Today, this same idolization is recognized in the sexual revolution’s so-called “free sex,” an attempt to “liberate” sexual expression, which is carried forward in one’s sexual activities as well as by removing any definitions or distinctions of sexual difference between men and women. 

Furthermore, this idol of freedom is witnessed in the relativistic philosophical undercurrent almost universally supported within modern academia which claims that truth, beauty, and goodness are not objective realities to be discovered, but rather, are self-created or self-determined by man either individually or collectively within a particular historical period.  Hence, we encourage people today to “find and express their truth,” signifying that each person has ownership over truth. We take pride in self-expression because we see it as “virtuous” to “create virtues,” that is, to create our own values.  

Without reflection, we have traversed so far down this “freedom road,” that many are realizing intuitively, yet almost in a daze, that many things seem to be quite “off” in today’s culture.  However, having breathed in the “freedom drug,” they simply sigh and remind themselves that they can’t judge others for exercising their right to freedom.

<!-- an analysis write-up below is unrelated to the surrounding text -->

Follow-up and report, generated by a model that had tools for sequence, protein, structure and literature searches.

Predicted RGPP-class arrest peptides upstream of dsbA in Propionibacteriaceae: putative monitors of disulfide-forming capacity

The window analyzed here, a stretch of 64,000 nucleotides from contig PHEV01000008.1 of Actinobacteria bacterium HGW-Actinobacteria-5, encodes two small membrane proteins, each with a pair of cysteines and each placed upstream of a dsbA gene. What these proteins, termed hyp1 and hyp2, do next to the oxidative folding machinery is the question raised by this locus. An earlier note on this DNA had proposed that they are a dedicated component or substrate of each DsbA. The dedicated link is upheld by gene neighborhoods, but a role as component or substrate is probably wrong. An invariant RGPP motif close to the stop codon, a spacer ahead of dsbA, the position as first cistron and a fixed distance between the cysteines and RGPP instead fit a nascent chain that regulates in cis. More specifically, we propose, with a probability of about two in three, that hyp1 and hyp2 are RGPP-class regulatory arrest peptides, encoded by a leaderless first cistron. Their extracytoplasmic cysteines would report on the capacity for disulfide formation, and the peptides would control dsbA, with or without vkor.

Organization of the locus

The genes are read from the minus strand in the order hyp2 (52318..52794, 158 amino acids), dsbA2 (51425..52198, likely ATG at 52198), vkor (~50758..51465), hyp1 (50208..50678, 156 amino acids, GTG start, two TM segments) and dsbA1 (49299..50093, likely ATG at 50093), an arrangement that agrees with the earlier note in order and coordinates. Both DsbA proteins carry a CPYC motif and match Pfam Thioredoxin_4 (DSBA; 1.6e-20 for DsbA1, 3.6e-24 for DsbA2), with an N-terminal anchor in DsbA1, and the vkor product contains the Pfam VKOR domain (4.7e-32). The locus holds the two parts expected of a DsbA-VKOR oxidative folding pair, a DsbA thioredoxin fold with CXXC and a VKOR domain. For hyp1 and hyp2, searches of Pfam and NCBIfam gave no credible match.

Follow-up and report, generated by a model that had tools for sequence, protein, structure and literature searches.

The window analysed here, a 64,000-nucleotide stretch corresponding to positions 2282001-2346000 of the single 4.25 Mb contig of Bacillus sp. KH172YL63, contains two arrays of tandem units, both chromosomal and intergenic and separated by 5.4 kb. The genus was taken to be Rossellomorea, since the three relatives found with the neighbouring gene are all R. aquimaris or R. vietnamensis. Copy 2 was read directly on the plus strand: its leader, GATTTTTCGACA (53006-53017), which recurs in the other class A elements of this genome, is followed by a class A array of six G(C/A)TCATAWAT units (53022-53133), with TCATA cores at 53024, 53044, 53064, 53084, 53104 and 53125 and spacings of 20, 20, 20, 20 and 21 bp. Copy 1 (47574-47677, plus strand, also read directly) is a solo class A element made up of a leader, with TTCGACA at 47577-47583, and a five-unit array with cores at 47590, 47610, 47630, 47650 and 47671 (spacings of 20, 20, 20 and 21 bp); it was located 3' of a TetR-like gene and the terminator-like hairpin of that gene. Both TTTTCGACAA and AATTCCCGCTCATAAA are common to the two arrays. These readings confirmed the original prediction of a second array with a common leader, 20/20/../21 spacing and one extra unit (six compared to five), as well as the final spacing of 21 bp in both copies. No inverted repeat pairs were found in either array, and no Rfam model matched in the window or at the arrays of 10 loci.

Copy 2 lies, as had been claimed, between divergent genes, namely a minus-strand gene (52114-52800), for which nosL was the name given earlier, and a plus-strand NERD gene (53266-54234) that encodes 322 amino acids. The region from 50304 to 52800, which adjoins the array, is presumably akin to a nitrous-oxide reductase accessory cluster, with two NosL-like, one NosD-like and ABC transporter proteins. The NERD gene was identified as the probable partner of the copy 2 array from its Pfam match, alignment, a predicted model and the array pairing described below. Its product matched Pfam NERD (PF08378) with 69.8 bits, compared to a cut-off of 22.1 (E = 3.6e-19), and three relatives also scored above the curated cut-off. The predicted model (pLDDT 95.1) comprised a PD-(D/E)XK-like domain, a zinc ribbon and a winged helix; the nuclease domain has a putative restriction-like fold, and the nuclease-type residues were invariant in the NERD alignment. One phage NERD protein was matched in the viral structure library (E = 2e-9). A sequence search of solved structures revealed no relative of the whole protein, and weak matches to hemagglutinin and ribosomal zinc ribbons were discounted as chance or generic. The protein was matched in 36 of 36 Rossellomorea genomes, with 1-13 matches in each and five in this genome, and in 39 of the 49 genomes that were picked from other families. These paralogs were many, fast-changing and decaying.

How often do we hear people say something to this effect: “I disagree with _________, but who am I to judge (him/her/them/this situation, etc.).”? 

Usually, we only care to draw a line in the sand if someone else’s actions suddenly begin to “step on the toes,” of others in a way that prevents some individual or group from exercising its freedom. Such an idea is tied to the Enlightenment’s political philosophy.  According to this ideal, the government does not have in mind the good life but is only meant to safeguard the “social contract.” This ideal cultivates a base level of harmony among individuals in society, so each person has the opportunity to pursue what he or she decides is worthy.